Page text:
Sweden’s Riksbank Deputy Governor Per Jansson defended the central bank’s record on inflation and said it was within its mandate to also focus on debt imbalances when setting interest rates.
The policy maker said that “the Riksbank has not exaggerated its inflation combating and that the average outcome for inflation must be regarded as acceptable, in that a large part of the deviation from target is due to interest rates falling more than they have risen,” according to a text released by the Stockholm-based bank today.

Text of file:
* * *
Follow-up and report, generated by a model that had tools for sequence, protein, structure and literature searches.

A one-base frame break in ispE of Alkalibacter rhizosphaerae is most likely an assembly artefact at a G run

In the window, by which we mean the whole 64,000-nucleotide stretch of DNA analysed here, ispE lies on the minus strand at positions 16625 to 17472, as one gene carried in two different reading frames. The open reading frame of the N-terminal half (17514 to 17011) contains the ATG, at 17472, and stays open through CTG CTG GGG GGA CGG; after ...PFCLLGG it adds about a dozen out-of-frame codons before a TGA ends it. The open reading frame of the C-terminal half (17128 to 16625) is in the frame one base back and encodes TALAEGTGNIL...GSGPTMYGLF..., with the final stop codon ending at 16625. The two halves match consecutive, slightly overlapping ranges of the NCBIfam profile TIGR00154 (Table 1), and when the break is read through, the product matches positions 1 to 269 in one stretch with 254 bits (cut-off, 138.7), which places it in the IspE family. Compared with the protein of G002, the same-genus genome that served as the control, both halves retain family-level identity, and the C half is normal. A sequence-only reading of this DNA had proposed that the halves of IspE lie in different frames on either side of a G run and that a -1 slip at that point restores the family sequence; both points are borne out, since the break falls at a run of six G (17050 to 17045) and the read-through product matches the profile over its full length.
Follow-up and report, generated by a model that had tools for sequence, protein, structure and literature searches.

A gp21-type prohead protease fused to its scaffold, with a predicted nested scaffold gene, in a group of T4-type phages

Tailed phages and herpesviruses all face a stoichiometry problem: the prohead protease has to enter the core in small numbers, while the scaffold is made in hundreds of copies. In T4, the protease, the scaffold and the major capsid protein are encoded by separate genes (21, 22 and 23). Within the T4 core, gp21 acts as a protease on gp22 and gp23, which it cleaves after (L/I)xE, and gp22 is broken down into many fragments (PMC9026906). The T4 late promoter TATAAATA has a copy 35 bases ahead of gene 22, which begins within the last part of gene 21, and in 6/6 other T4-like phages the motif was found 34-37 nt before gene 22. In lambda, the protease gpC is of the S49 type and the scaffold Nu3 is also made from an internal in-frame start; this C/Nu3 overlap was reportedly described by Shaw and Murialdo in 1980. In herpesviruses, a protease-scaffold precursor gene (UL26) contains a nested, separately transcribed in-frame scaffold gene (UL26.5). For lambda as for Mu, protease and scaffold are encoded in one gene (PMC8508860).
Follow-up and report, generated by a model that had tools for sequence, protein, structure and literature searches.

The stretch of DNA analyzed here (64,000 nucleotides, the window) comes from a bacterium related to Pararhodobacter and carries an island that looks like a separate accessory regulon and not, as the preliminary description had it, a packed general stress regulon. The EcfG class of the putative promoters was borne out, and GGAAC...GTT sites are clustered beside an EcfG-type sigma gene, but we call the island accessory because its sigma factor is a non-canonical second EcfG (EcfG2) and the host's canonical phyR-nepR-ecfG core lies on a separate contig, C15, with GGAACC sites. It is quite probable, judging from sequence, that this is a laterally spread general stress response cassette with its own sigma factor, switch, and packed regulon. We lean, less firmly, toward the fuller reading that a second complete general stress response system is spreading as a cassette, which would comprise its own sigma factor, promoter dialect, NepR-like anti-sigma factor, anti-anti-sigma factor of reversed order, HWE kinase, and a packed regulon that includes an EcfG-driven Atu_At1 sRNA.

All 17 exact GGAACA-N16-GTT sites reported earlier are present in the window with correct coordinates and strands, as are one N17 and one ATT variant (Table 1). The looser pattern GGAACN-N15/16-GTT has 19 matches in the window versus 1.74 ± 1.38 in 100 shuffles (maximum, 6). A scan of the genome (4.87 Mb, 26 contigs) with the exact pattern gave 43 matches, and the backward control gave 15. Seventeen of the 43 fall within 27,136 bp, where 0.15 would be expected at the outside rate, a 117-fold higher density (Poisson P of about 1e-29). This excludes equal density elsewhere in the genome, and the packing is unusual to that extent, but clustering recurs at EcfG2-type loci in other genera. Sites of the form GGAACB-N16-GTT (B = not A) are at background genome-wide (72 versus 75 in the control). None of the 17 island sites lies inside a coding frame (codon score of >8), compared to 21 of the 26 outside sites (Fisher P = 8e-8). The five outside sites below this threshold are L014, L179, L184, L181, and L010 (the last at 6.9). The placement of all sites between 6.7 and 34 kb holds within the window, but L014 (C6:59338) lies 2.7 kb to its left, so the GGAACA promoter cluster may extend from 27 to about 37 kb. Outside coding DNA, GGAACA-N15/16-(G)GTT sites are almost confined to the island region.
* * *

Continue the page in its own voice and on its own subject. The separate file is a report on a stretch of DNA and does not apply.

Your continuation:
Sweden’s central bank said in April it probably will keep its repo rate at 1 percent at its next meeting in July while not ruling out a fifth rate cut since 2011. Policymakers are trying to spur inflation closer to a 2 percent target without fueling household credit growth.
Jansson also said in his speech in the Swedish capital that “the experiences of other countries in connection with the financial crisis show that excessive debt can result in a situation with weak demand, high unemployment and low inflation,” and “giving consideration to risks in this area is thus entirely in line with the Riksbank’s objectives and mandate.”
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